Tuesday's soccer news has the Scottish Premier League officially calling an end to its 2019-20 season. The decision comes weeks after a club vote ended the season in the lower divisions. All of Scotland's leagues used points per game to decide the final table with Celtic champions and Hearts relegated.
"We would all have rather seen the league season played out on pitches, in stadiums and in front of supporters," Scottish Premier Football League chairperson Murdoch MacLennan said. "This is not the way anybody involved with Scottish football would have wanted to conclude the league season but, given the grave and unprecedented circumstances that we are facing, the Board has agreed that it is the only practical way forward. Covid-19 has wreaked havoc on sporting competitions around the world and the repercussions will be felt for a long time. Scottish Government restrictions and deep concerns for both player and spectator safety left the SPFL with no realistic option but to call the Ladbrokes Premiership now and we thank the Premiership clubs for their support on this decision."
As SPFL CEO Neil Doncaster made clear, ending the season now means regrouping to try to begin the 2020-21 season on time on August 1. "Nobody should be under any illusion as to how complicated and difficult a challenge it will be to return Scottish football to normality," he said. "We will be liaising with Government on the best way forward and working to ensure that all of our 42 clubs are playing football again as soon as humanly possible."
Scotland is considering a broader revamp of its league structure, something that will require the consensus of its clubs. Across Scottish professional soccer, economic uncertainty is a major concern. That's something ending seasons partially addresses with the leagues paying out prize money. All of those issues are part of a statement released by Hearts following its relegation.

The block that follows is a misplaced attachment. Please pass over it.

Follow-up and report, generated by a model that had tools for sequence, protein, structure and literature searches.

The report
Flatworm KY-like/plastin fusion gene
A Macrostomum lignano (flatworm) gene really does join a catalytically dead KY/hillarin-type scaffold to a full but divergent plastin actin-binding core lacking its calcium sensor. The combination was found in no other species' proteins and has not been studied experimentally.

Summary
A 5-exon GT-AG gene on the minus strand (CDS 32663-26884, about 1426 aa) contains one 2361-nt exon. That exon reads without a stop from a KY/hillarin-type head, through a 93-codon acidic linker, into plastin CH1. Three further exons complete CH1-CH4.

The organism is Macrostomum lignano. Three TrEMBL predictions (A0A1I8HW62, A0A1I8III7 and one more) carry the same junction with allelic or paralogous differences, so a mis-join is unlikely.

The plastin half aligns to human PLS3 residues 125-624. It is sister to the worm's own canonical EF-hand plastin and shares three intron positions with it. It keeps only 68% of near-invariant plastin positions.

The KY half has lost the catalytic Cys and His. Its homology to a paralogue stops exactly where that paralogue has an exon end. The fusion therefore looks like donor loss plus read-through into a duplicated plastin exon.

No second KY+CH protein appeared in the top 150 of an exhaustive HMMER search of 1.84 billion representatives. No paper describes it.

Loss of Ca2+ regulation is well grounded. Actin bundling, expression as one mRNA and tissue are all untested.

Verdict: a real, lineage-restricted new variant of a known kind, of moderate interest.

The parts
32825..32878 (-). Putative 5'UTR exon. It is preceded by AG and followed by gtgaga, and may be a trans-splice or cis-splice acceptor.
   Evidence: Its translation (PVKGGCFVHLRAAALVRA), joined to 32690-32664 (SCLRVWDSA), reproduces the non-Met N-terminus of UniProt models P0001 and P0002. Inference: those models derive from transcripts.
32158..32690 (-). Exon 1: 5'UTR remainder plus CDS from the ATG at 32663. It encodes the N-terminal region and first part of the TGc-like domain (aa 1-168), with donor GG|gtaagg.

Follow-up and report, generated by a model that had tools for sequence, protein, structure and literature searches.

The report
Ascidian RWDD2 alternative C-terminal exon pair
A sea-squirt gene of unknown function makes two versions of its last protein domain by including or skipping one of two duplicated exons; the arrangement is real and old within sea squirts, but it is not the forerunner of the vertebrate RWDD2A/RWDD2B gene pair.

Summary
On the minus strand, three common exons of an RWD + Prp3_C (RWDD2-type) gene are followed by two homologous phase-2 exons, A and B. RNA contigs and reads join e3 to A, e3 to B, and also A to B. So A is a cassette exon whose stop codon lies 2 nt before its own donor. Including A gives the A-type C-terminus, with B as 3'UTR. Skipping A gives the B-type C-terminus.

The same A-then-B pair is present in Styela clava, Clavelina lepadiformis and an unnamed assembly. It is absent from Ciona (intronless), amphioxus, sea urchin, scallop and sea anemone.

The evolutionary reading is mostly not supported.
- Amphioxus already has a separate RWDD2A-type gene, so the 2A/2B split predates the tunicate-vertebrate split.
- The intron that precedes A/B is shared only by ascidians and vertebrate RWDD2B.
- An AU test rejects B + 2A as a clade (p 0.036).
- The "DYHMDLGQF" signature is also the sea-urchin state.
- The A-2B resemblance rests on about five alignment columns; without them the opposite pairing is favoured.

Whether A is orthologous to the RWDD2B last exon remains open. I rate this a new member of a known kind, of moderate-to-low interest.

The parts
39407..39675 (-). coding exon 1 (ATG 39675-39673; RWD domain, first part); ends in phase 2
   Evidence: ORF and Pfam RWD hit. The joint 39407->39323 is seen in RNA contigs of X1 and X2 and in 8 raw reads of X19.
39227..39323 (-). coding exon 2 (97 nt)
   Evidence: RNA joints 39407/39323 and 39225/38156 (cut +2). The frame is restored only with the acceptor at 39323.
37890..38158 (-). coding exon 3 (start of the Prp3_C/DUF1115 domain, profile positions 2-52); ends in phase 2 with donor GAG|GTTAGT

"Hearts will shortly submit a member's resolution that we believe is a pragmatic solution to the issues the game currently faces and a way forward that the clubs can unite behind," the statement read. "It is our belief that this resolution, if supported, will provide an opportunity to avoid disproportionately disadvantaging - financially and otherwise - any club. This is possibly the final chance for our game to stand together, protect each other and not only survive but flourish in the aftermath of this terrible pandemic. Players from across all leagues have shown a desire for reconstruction and having already received support from some clubs we are hopeful that this resolution can positively progress Scottish football. As previously intimated the club has been taking legal advice throughout this process and are continuing to do so. We hope that the resolution being prepared will avoid the need to go down this route. Legal action would be both time consuming and expensive. However the cost to the club of relegation would outweigh these considerations."
Once again, this raises UEFA's concept of sporting merit. Relegation from France's Ligue 1 also raised the threat of legal action with Amiens eventually filing a case last week. The problem for leagues is that UEFA didn't set clear guidelines for how to end a season, much less mandating points per game. Belgium ended with the table as it stood. The Netherlands voided its season with no champion and no relegation or promotion. That also led to reports of legal challenges.
Meanwhile, England's Premier League continues to move forward with its Project Restart, loosening some of the training guidelines. While there is no hard date for games returning, the league is targeting the middle of June. The Guardian's Barney Ronay outlines the issues with making that date while acknowledging the risk involved. Reuters' Simon Evans has the Premier League wondering if there's a better way to present closed door games than what we saw over the weekend from the Bundesliga. The Independent's Miguel Delaney looks at a potential salary cap in England's lower divisions.
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